Convener’s Letter Dear friends, Our first AGM as Friends of the John Muir Birthplace is now history and my report is included in this newsletter. No new members of council were forthcoming and the office bearers will continue as before. There was a good attendance of members and those who came along were entertained to a first class illustrated presentation by ‘Friend’ and Birthplace staff member Pauline Smeed of her experiences on the staff exchange to the John Muir Historic Site in Martinez. Pauline’s sister lives quite close to Martinez and she included a family trip to Yosemite in her presentation. Details of our winter programme are on the back page. Please come along if you can. Sincerely, Jim Thompson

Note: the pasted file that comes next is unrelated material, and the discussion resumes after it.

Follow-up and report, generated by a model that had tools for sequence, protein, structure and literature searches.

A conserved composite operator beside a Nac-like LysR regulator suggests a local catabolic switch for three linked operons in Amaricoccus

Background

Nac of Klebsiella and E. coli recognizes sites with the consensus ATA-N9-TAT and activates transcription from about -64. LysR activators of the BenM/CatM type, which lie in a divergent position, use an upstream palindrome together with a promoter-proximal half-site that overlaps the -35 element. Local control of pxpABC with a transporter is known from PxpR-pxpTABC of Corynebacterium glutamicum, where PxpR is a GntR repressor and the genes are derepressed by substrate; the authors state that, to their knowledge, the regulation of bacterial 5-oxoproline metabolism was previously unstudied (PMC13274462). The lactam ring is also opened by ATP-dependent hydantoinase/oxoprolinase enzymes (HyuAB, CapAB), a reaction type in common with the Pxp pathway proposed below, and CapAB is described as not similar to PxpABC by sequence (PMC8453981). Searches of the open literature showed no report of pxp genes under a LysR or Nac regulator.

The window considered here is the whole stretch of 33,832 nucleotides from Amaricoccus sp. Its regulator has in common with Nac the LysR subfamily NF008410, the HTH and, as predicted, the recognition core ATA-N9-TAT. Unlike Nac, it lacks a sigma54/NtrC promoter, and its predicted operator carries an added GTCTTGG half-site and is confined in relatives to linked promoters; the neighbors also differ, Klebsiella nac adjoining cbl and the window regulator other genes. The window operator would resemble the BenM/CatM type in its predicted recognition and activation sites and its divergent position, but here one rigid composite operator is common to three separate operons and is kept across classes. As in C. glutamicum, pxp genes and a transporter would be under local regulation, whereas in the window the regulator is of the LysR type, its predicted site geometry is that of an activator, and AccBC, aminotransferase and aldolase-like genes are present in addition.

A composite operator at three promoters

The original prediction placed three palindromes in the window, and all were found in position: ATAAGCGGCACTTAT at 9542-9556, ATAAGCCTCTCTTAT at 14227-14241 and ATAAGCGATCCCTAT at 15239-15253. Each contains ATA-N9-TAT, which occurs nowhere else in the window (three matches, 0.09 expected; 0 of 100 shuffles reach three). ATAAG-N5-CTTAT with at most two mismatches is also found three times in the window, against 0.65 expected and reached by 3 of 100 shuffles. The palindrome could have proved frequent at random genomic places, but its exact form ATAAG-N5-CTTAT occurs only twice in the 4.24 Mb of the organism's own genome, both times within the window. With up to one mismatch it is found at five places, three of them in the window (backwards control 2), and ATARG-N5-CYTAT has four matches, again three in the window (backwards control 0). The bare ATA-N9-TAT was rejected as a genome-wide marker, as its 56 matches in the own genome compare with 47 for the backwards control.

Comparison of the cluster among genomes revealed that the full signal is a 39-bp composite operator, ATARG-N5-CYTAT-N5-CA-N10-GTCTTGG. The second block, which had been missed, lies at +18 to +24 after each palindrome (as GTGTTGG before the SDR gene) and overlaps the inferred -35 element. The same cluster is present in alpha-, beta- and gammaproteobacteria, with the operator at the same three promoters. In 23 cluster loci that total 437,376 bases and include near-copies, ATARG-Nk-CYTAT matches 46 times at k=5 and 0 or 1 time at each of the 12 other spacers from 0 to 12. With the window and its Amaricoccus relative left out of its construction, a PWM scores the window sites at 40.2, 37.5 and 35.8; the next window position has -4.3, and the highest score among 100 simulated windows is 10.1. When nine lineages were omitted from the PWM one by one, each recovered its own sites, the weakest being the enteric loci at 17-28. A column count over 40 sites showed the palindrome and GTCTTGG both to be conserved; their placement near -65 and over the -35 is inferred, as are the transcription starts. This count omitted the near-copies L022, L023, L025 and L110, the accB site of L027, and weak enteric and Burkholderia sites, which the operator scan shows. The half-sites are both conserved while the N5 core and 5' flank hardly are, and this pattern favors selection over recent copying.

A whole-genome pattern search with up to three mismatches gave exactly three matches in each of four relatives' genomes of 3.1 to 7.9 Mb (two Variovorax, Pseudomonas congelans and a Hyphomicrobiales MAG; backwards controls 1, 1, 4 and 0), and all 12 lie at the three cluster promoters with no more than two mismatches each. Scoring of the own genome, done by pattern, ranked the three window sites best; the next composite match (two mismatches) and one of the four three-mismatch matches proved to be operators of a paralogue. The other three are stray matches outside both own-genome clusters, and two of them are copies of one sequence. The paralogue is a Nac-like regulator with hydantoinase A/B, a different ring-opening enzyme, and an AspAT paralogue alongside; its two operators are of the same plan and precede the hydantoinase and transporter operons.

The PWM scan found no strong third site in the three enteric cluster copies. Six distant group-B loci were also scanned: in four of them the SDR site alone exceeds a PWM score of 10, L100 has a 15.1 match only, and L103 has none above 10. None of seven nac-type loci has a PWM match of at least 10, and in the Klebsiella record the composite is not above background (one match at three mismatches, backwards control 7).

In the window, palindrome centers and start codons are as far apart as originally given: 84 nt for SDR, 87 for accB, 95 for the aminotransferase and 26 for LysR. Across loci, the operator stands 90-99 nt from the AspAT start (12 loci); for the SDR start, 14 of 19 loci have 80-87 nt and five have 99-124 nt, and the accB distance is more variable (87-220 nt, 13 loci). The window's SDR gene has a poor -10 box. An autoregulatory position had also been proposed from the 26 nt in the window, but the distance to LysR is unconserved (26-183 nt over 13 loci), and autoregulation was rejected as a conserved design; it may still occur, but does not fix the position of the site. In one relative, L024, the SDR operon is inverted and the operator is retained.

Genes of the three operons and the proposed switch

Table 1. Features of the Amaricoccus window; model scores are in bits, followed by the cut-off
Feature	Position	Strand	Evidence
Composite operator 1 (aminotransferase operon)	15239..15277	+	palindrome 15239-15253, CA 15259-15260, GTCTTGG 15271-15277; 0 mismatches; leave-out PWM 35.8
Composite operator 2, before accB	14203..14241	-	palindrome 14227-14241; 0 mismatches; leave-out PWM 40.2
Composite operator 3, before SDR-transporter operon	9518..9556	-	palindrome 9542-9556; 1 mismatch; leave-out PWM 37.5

Winter/Spring Events programme
20th Dec: Christmas Social at 7.30 pm in John Muir’s Birthplace. Feb: Liz McLean talks about time spent at the Centre for Alternative Technology, Wales. March: Prof Fred Last talks about his long-term study of flowering times. Sun 20th April: Celebrate John Muir’s birthday with a walk along the John Muir Way May: Boat trip to the Isle of May.
AGM Report 25th October 2007